# Should I use superposition if there is a sine wave current source and a DC voltage source in a circuit? simulate this circuit – Schematic created using CircuitLab

The DC voltage source has an angular frquency of 0 rad/sec.

Do I need to:

1. short circuit the DC voltage source
2. calculate I(t) in time domain
3. open circuit the AC current source
4. calculate I(t)
5. And finally, add the two together

Or can I just do a Kirchoff Voltage Law in the right loop? $$(1.6-0.8j)I+12+(8+4j)I=0$$

This is the original circuit before I simplified the impedance: • No component should have a complex impedance at DC. Where did you find this circuit example? – The Photon Oct 31 '17 at 2:46
• I added a pic of the original circuits. I just converted them to phasors. – most venerable sir Oct 31 '17 at 3:20
• 1. $\cos 2t$ does not have a frequency of 2 Hz. 2. You need to calculate different equivalent circuits for the capacitors and inductor at DC than at 2 rad/s. – The Photon Oct 31 '17 at 3:30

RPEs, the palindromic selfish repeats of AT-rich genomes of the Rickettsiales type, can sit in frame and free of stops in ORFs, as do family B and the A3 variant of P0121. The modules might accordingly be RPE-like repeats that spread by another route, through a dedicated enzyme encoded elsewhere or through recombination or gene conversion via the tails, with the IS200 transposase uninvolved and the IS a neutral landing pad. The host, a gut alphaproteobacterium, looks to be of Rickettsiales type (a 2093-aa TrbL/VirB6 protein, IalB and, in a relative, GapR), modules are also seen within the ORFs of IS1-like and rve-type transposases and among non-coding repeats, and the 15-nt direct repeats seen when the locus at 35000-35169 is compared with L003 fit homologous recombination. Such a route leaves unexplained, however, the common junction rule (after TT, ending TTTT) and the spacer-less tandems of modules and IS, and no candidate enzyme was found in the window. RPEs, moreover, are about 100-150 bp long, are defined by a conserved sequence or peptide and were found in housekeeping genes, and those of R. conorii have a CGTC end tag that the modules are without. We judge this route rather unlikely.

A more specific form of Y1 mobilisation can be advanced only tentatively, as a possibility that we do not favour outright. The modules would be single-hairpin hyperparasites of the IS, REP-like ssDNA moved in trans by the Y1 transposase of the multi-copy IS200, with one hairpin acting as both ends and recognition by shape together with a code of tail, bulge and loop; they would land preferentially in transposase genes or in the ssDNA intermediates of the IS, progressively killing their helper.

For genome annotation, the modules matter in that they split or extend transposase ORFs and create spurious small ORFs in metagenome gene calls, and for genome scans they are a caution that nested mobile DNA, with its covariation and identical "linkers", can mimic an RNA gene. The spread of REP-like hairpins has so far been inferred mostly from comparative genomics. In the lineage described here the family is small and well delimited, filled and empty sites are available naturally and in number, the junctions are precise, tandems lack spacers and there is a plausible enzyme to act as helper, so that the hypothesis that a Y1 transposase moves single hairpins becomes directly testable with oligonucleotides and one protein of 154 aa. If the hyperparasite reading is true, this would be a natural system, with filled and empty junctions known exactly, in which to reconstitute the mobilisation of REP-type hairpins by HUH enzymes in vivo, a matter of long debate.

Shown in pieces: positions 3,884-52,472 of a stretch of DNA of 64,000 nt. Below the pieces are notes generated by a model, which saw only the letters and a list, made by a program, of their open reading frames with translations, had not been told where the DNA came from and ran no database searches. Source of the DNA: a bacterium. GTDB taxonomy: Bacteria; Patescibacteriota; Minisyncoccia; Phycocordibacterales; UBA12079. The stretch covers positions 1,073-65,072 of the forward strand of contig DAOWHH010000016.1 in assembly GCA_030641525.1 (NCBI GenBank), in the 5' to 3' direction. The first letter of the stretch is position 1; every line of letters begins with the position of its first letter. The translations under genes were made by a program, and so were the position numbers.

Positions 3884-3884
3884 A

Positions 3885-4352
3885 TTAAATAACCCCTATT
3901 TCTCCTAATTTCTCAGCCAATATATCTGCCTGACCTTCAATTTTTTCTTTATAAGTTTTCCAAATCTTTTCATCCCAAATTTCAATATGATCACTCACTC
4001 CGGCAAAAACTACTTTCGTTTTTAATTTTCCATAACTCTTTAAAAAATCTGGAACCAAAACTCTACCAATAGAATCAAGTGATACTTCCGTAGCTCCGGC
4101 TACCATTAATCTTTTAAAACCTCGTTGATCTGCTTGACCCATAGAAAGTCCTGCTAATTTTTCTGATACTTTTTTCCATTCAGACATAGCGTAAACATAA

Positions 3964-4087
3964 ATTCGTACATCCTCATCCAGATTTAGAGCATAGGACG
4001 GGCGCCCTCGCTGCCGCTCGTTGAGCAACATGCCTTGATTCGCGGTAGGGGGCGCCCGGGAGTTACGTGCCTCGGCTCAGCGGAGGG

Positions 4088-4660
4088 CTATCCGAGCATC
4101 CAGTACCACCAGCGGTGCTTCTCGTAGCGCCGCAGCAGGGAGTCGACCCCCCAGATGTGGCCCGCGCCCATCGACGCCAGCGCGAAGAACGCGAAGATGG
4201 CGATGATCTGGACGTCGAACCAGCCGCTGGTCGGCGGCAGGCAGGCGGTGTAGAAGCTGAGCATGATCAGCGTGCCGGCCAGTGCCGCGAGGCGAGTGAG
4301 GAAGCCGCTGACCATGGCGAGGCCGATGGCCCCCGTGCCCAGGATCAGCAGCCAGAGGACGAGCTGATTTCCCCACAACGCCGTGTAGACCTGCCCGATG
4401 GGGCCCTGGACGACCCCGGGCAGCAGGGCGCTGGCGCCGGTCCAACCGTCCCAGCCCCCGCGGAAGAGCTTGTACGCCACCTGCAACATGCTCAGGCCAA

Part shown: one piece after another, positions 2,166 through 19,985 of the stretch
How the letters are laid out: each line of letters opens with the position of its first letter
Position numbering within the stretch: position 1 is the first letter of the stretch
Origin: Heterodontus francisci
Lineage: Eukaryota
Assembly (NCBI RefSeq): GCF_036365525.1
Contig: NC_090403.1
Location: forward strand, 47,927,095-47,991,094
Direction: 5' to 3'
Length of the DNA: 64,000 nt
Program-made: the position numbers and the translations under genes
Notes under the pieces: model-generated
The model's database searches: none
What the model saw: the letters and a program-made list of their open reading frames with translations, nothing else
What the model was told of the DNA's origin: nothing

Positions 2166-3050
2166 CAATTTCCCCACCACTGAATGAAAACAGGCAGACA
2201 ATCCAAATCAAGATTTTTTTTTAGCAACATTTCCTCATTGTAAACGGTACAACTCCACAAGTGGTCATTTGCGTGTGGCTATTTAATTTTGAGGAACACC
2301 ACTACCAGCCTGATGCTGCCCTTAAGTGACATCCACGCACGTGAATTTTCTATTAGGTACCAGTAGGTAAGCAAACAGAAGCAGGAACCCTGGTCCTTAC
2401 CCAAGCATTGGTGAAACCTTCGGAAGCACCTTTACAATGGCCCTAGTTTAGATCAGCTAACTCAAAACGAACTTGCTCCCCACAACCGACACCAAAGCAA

## 1 Answer

Start off with a DC analysis (Open circuit the current source, and the caps, inductors are short circuits), assuming that resistor in series with the voltage source is 2 ohms (Difficult to read), then with both capacitors open circuit and the inductor short circuiting the 8 ohm resistor you get 12V across 4 + 2 ohms = 6 ohms = 2A for the DC terms of I(t).

Now, being careful of the fact that 2 radians/s is not the same thing as 2Hz, compute the AC impedances at the frequency of the current source and having replaced the DC voltage source with a short circuit solve for the AC component of I(t), then superposition gets you the answer.